Cousin Joe from New Orleans must be one of the most fondly remembered of all the American bluesmen we toured and recorded. Musicians, promoters, journalists and fans who saw him perform still email or talk to me about their own Cousin Joe memories.
He wasn’t a bluesman who could be easily pigeonholed. His sophisticated vocals, clever songs and hip comments were underpinned by his two-fisted, knocked-out New Orleans piano playing – an irresistible combination.
And he was cool.
When folk complimented him on his performance, he would respond with, “Sure, man. I’m hip to the dip and I ain’t no drip,” before wandering off chortling to himself. When a venue owner would thank him for his show, he would say, “That’s what you booked me for, to swing the room into bad health.”
Invited to dinner with President Nixon, Joe was unimpressed:
“Man, that guy’s got no table manners, eats his food with his hands! I wouldn’t mind…but soup?”
I cannot claim that I understood the exact nuance of some of his sayings, but they always sounded good.
The Guardian critic had no doubt of his special qualities:
“A fine piano player, humorous gritty singer. He wears the sharpest of suits, looks unbelievably young and has the hippest line of jive talk you’re ever likely to hear.”
Cousin Joe was born Pleasant Joseph on December 20th 1907 in Wallace, Louisiana, some 30 miles upstream Mississippi from New Orleans. He sang in church, as a youngster wrote hymns, began to play ukulele as a child before taking up guitar, singing, playing and entertaining on street corners from the age of twelve. Four years later, having taught himself to play piano, he was playing gambling houses and riverboats for tips. Talking about those early times, when he worked days in the fields cutting sugar cane, he said, “That wasn’t for me, man, those fields ain’t even air-conditioned.”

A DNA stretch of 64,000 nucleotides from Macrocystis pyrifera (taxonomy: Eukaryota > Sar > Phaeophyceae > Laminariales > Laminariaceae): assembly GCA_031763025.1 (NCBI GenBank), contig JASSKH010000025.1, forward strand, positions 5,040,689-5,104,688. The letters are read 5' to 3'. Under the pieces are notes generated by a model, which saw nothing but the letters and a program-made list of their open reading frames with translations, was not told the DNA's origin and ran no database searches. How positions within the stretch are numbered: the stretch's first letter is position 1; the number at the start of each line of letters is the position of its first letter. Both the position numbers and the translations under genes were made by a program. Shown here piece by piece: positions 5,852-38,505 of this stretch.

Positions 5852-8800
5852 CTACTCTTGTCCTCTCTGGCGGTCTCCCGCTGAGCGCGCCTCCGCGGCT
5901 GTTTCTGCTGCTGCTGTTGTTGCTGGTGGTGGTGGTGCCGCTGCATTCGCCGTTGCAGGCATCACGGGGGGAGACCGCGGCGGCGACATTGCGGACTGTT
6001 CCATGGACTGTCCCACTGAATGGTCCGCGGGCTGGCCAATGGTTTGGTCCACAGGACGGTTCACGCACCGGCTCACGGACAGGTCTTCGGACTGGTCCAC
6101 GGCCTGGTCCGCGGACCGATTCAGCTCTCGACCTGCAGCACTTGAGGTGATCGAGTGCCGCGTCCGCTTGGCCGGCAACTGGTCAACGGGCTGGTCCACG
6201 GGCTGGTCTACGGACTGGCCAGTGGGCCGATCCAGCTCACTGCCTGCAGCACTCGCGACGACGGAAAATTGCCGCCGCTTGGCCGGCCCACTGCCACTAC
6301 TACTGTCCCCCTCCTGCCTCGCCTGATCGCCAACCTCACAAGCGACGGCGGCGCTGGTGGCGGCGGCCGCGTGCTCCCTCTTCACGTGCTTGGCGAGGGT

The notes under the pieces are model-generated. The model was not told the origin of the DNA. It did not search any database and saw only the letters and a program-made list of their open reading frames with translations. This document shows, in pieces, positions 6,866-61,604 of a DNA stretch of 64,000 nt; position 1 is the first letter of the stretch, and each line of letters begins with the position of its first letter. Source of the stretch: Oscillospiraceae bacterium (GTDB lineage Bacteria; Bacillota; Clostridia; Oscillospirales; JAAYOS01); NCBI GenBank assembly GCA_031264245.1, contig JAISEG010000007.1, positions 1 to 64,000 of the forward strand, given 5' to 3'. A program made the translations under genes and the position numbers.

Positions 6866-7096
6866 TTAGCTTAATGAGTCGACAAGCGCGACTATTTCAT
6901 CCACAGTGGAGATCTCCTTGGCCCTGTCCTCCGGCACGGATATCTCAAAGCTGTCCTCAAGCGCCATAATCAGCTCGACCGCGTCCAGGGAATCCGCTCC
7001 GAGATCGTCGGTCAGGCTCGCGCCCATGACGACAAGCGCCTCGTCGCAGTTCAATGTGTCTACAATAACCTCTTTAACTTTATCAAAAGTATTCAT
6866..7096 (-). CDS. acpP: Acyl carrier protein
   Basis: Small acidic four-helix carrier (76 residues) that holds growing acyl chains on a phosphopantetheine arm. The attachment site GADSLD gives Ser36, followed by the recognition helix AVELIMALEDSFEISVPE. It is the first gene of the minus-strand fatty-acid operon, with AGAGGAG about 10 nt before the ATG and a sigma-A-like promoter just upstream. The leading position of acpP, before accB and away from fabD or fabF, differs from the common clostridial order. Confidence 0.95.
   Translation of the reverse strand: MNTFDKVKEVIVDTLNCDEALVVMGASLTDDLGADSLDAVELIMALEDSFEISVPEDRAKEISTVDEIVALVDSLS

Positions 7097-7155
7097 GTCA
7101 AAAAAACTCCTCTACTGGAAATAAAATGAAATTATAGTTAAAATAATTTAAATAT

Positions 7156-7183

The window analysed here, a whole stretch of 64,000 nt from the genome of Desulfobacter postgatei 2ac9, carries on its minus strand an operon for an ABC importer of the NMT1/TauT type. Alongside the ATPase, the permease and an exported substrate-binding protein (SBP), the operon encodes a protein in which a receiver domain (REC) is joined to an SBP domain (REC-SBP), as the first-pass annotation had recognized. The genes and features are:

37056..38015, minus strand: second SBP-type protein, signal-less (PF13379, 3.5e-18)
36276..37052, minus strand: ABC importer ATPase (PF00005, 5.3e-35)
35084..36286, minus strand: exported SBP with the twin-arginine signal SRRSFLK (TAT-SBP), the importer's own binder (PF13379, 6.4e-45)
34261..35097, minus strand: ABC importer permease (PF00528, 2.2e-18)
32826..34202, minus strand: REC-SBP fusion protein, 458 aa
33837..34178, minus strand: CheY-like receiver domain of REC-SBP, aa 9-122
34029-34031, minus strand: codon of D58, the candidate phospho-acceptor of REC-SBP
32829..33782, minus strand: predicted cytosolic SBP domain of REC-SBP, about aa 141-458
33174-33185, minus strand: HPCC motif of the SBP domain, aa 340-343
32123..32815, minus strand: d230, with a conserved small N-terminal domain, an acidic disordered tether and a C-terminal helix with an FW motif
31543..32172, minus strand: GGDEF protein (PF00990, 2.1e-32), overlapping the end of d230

By the 1930s, Joe had at various times in his career employed the names Smilin’ Joe, Pleasant Joseph and for his gospel work, Brother Joshua. He travelled to Dallas, then Cincinnati, playing clubs and bars before returning home to New Orleans where he formed his own band which he took into the Black Gold Club, The Grand Terrace, The Gypsy Tea Room and on to the Steamship S.S. Dixie. Come 1939, he went into a residency, fronting the Joe Robichaux Band, singing and dancing at The National Theatre in Havana, Cuba. When I worked with him some 35 years later, he still carried with him a photograph of himself in a chintzy Havana club, posing with an impossibly glamorous chorus line of Cuban dancers. He appeared to be precisely in his element.
1943 saw him featuring in New York clubs including Small’s Paradise, The Downbeat, and The Onyx, recording and gigging with mostly jazz musicians including Sidney Bechet, Earl Bostic, Tiny Grimes, Pete Brown, Mezz Mezzrow, Lizzie Miles and more. By 1948 he was back in New Orleans, recording with Paul Gayten, taking an extended residency at The Absinthe House and making the occasional out-of-town forays, significantly as part of the 1964 American Folk Blues Caravan European tour which included Muddy Waters and Sister Rosetta Tharpe – that was when I first met him. We stayed in touch, and in 1973 he called me from a drugstore payphone in the Vieux Carre district of New Orleans to say that he had heard that I was bringing over blues musicians, and why not him?